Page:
Book Review – Pocahontas – Woman healer, spy, entrepreneur, diplomat
When I was little, my grandmother told me that we were descendants of Pocahontas. The idea sparked my fantasies. Having Indian blood was a special blessing. It endowed me with certain spiritual qualities, psychic perception and magical abilities, in my imagination. I was later disappointed to learn that it was fashionable among generations past to claim a blood bond with Pocahontas. I suspected that my grandmother’s story had this origin.
Much later I realized that the fascination with the things of the Native Americans was a symptom of a certain affinity. He valued Indian fantasy as a call from the wild from within. It had to be answered, but in my own indigenous terms, not in terms borrowed from other cultures. I recently read a book that has added great depth to this perspective.
Pocahontas: Medicine Woman, Spy, Entrepreneur, Diplomat (HarperSanFrancisco), by Paula Gunn Allen, Ph.D., tells a completely different story of this American icon that we appreciate. This award-winning author, retired UCLA professor credited with originating Native American literary studies, has taken the usual sources, in addition to those that are rarely mentioned, and has reinterpreted the data within the context of the worldview. mythical of the Native Americans. The result is a fascinating account of the transformation of “Isla Tortuga” into “America la Bella.”
Dr. Gunn Allen begins by explaining the spirit-centered worldview of the Native Americans at the time. The “manito aki,” which belongs to the supernatural, paranormal, and spirit-inhabited world, was the waking reality of Native Americans, more real to them than the physical world.
We could say that they were good “Jungians” at the time, because they respected the experiences of the imagination as real and worthy of attention. The natives of that time also realized that their world was coming to an end. Their calendars and mythologies had prepared them. The arrival of the white men was part of the fulfillment of this prophecy.
The evidence points to the fact that Pocahontas was a high priestess, initiated into the mysteries of the spirit world and charged with responsibility towards these spirits. Based on her evidence, the author came to the surprising conclusion that Pocahontas, instead of falling in love with Captain John Smith, was on a pre-planned mission taking advantage of him as an unwitting pawn. Their goal: to ensure that the spirit of tobacco finds a home in the new world. The spirit of tobacco, the essential shamanic power of the Native American world, needed to find a way to be part of the coming materialistic world that was being born. This mission was crucial for the spirit of the native world to survive the destruction of its manifest existence.
Pocahontas was the channel through which the transfer of power was achieved. Pocahontas’s connection to John Smith was the means by which native spirituality was preserved, although it would have to hide for centuries within a plant that would be traded, traded, consumed, and vilified within a purely materialistic consciousness, until this time. ancient. Spirituality could one day be reborn in the consciousness of the European mentality, as it begins to happen today.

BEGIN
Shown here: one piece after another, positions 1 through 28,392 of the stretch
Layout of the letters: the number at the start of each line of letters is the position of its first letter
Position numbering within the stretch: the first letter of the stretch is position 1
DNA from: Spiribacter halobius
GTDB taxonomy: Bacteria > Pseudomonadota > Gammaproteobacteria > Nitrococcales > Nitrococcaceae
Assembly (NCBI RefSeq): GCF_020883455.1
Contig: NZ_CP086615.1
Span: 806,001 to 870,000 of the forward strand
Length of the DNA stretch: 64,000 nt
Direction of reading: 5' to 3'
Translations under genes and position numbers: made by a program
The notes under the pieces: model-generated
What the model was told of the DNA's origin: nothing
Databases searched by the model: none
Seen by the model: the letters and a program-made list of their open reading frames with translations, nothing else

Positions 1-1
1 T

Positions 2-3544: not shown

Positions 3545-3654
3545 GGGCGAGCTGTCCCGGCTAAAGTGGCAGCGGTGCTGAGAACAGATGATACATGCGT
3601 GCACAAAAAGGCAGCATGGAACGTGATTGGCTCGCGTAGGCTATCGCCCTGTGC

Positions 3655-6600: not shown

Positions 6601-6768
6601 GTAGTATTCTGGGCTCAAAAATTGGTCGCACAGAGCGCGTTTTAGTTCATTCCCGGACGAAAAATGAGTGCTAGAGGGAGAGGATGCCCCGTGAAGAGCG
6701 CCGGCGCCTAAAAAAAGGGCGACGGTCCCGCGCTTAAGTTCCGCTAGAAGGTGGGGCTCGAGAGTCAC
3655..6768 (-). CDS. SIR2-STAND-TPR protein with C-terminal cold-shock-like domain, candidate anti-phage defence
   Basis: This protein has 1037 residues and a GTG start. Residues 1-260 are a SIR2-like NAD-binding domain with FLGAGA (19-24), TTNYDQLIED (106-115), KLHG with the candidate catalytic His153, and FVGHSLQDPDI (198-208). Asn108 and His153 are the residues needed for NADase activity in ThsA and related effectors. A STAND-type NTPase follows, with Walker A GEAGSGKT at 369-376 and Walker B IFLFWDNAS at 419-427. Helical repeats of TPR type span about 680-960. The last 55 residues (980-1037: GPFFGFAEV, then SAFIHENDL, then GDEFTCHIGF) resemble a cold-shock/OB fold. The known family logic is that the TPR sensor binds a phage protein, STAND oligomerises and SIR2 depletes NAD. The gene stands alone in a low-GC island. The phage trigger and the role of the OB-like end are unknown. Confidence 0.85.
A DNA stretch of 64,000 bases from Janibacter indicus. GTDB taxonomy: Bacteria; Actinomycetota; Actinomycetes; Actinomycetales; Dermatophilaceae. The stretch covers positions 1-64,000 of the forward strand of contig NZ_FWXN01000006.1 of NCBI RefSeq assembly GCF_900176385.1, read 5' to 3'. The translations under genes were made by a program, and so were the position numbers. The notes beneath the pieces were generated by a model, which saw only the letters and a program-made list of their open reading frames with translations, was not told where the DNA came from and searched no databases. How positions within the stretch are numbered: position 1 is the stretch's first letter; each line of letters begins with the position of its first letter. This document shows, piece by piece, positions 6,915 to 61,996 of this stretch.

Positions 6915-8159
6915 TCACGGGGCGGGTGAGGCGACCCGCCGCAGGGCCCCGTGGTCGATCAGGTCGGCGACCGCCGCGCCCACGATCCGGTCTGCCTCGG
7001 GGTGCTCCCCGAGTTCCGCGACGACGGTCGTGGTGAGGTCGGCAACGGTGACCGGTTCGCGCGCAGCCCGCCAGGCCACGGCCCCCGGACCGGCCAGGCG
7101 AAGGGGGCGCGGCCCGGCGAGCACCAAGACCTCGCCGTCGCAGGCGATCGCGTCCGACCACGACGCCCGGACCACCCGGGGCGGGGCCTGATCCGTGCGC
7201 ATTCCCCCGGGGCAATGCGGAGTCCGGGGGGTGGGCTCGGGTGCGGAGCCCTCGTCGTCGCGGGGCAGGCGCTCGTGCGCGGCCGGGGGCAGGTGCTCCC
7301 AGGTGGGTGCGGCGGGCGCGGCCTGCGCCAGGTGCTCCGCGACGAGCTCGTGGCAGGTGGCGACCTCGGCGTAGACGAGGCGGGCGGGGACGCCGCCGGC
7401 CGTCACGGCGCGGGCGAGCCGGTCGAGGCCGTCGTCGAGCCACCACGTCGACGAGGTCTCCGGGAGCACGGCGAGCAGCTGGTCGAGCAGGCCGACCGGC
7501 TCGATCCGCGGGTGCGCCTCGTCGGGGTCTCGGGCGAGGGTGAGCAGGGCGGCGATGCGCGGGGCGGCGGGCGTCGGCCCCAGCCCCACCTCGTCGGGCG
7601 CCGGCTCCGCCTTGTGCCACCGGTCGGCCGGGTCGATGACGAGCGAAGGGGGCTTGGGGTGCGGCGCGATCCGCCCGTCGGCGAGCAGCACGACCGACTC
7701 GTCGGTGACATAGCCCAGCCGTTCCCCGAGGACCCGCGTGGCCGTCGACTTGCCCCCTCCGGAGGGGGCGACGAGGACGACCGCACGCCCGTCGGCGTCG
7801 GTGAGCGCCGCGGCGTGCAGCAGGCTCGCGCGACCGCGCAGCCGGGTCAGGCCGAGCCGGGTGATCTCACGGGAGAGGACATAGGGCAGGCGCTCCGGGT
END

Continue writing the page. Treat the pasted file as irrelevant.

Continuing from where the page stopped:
What is this emerging new mindset? Gunn Allen writes: “… the construction of Pocahontas in American thought, though often historically inaccurate, is an indication that America’s imagination is as connected to the manito aki as it is to the land. Americans harmonizing our modern American consciousness with the ancient psyche of the earth we inhabit is mastering a paradigm that assumes that material and measurable existence is all there is. “
The lesson for us is to respect the intuitive nature of the imagination of time. We need to experience and understand the imagination as a channel of intuitive realities. The mind and its ambassador, the imagination, is quite real, although it inhabits a different plane of existence than the world recognized by the senses. It is real because it makes a difference in our lives. It is in this realm of imagination where we can find our highest ideals, where we intuit our interconnectedness as spiritual beings, where we encounter non-material beings and discover the patterns in the creative forces that shape our lives. Our fascination with all things Native American is proof of our connection to this immaterial world. However, this connection is something that we unfortunately do not recognize within ourselves, but rather project onto these indigenous peoples. Gunn Allen reconnects us to our heritage. She joins us in gratitude to the people who came before us, who built a spiritual time capsule that would survive the materialistic and destructive stage of our history, preserving for the future our heritage as children of the spirit. Pocahontas is truly America’s godmother.